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Drones support Fort Drum activity at as unit prepares for expansion

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FORT DRUM — New York Air National Guard officials like the prospects for their use of unmanned aircraft over the post’s airspace, as they showed off their support Tuesday for the training of the 10th Mountain Division.

“There’s going to be more and more applications of this technology,” said Lt. Col. John R. O’Connor, deputy maintenance group commander of the 174th Attack Wing, Syracuse. “To be on the leading edge of this is pretty exciting.”

Soldiers across the division, primarily the 3rd Brigade Combat Team, are taking part in the post’s Mountain Peak exercise, with the brigade potentially deploying later this year.

On the tarmac behind the airfield’s rapid deployment center Tuesday, one of the wing’s three MQ-9 Reapers received a final preflight check from ground crew members, as a group of Army helicopters flew overhead. Taxiing to the runway, the aircraft quickly built up speed before quietly flying into the distance, as a nearby ground data terminal swiveled to follow its movements.

Col. O’Connor said the aircraft would be used Tuesday to provide support for soldiers on the post’s ranges, taking advantage of the aircraft’s camera.

“More than likely ... they’ll want that visual,” he said.

The mission recreates the common scenario of calling in aerial support.

“They all work together to bring the capability of the aircraft into the fight,” Col. O’Connor said. He said that in the past, the support work has received praise from soldiers returning from deployments.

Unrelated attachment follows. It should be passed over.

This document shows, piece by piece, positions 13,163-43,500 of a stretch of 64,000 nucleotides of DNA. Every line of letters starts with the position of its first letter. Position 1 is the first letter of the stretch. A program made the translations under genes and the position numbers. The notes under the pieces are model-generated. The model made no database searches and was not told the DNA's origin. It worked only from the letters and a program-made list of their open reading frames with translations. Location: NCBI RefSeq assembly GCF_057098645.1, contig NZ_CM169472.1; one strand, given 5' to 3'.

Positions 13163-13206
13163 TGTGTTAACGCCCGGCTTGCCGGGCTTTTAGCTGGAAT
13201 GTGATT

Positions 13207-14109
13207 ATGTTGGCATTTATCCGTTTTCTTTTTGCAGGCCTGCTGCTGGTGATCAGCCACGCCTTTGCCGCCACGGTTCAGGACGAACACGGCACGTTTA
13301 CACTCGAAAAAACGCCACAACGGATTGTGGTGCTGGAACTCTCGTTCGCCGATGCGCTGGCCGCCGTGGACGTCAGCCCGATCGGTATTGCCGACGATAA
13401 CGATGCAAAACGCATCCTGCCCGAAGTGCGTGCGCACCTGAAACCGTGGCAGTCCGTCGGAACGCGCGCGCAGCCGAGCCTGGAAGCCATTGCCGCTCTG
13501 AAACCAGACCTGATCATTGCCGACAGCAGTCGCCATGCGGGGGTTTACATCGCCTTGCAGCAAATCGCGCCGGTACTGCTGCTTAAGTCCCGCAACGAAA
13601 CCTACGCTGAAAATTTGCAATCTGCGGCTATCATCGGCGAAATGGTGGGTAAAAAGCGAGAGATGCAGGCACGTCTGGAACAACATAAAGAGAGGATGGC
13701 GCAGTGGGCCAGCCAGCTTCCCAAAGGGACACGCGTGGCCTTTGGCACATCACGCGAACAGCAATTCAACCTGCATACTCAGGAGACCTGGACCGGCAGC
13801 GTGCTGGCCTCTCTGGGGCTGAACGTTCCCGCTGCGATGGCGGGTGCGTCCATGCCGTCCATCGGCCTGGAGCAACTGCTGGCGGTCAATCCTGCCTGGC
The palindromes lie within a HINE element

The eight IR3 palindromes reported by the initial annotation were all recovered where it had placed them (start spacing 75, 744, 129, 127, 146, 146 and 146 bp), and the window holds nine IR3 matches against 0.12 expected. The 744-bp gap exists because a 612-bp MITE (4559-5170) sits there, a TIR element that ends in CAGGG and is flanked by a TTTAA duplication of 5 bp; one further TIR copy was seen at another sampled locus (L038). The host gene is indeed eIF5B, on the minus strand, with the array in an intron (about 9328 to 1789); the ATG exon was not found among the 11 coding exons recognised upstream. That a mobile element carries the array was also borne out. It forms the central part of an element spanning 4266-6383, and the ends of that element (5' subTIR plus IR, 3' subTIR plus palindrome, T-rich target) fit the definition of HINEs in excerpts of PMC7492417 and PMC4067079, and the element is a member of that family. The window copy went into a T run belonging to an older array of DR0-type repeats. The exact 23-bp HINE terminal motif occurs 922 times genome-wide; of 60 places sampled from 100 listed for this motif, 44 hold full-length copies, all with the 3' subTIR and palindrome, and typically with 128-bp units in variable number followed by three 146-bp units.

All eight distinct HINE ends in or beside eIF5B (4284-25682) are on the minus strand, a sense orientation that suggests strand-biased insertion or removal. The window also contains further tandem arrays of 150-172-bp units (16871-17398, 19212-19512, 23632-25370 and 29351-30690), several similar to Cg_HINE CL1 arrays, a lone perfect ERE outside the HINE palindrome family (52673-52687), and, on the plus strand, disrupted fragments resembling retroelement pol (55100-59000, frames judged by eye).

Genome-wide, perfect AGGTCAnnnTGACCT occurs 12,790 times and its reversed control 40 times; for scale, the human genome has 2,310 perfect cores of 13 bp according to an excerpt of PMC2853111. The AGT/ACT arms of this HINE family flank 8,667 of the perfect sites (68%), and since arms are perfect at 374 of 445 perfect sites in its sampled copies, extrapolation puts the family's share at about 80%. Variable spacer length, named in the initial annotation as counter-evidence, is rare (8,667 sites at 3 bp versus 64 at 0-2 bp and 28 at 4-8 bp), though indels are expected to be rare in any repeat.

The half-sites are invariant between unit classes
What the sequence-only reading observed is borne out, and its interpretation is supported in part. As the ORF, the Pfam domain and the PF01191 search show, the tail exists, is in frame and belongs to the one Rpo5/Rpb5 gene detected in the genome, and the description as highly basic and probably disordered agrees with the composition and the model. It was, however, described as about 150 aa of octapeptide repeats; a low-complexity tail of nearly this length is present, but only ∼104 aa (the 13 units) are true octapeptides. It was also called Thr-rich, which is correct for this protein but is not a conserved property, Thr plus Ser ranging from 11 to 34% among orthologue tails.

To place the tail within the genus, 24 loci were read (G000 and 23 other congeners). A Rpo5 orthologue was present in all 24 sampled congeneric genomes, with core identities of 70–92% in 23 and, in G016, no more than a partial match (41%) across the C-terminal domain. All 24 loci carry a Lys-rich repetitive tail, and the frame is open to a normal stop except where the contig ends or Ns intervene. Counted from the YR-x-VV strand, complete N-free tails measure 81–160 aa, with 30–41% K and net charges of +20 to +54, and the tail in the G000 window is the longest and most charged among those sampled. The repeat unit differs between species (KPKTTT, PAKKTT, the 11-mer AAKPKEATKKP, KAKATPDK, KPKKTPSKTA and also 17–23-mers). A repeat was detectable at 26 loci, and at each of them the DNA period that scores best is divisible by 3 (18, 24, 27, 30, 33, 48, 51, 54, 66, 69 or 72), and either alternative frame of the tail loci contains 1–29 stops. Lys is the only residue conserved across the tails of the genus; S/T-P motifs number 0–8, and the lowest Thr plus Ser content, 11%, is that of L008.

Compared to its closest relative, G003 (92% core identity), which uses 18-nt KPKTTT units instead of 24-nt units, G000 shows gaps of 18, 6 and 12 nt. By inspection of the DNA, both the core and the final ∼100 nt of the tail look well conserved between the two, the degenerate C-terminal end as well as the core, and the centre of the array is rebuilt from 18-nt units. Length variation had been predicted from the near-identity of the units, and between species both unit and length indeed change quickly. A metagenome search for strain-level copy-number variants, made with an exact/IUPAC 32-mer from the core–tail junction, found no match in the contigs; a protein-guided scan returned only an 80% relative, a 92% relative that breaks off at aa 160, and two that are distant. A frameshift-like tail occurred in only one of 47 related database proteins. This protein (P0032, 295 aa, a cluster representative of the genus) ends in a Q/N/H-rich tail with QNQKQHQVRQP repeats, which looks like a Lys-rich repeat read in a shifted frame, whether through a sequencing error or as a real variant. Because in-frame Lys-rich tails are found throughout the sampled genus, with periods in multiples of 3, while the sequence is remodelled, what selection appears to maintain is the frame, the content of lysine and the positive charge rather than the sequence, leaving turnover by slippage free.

“These guys come back and say, ‘We know you were out there,’ and that’s a pretty good feeling,” Col. O’Connor said.

The wing, staffed by 25 to 30 airmen, serves in a launch and recovery role, controlling takeoff of the 10,500-pound aircraft before transferring control by satellite to a remote cockpit in Syracuse, where much of the pilot training takes place. The local crews also perform maintenance work.

The wing has operated drones on the airfield since October 2011, and in December received clearance to use live 500-pound laser-guided bombs. The aircraft also can be equipped with Hellfire missiles. However, the wing uses only a model of the missile that simulates its weight and electronic systems but does not fire.

The wing’s three Reapers are housed in a temporary structure next to the airfield’s rapid deployment center.

“It’s a tight squeeze,” Col. O’Connor said. “It’s pretty much nose to tail.”

However, work is underway to expand the space.

A new hangar for the aircraft is under construction with $5.2 million allocated in the 2010 and 2011 fiscal years, and is expected to be complete about August. The recently announced fiscal year 2014 budget also includes $4.7 million to expand the hangar to double its size, allowing it to fit four aircraft.

The hangar expansion is the post’s only military construction listed in the new budget.

As Air National Guard drones continue their use on post, the Army is weighing the placement of its own, smaller MQ-1C Gray Eagle drones at installations across the service.

The 3,600-pound aircraft, equipped with up to four Hellfire missiles, is used for surveillance, convoy protection and air support work.

Rep. William L. Owens, D-Plattsburgh, said in a statement that the post could have the drones placed during the 2014 fiscal year, running from this October to September 2014, based on conversations he had with Army officials.

“I am pleased to see this decision moving forward and equally pleased that Fort Drum is relatively early in the fielding order for this new capability,” he said.

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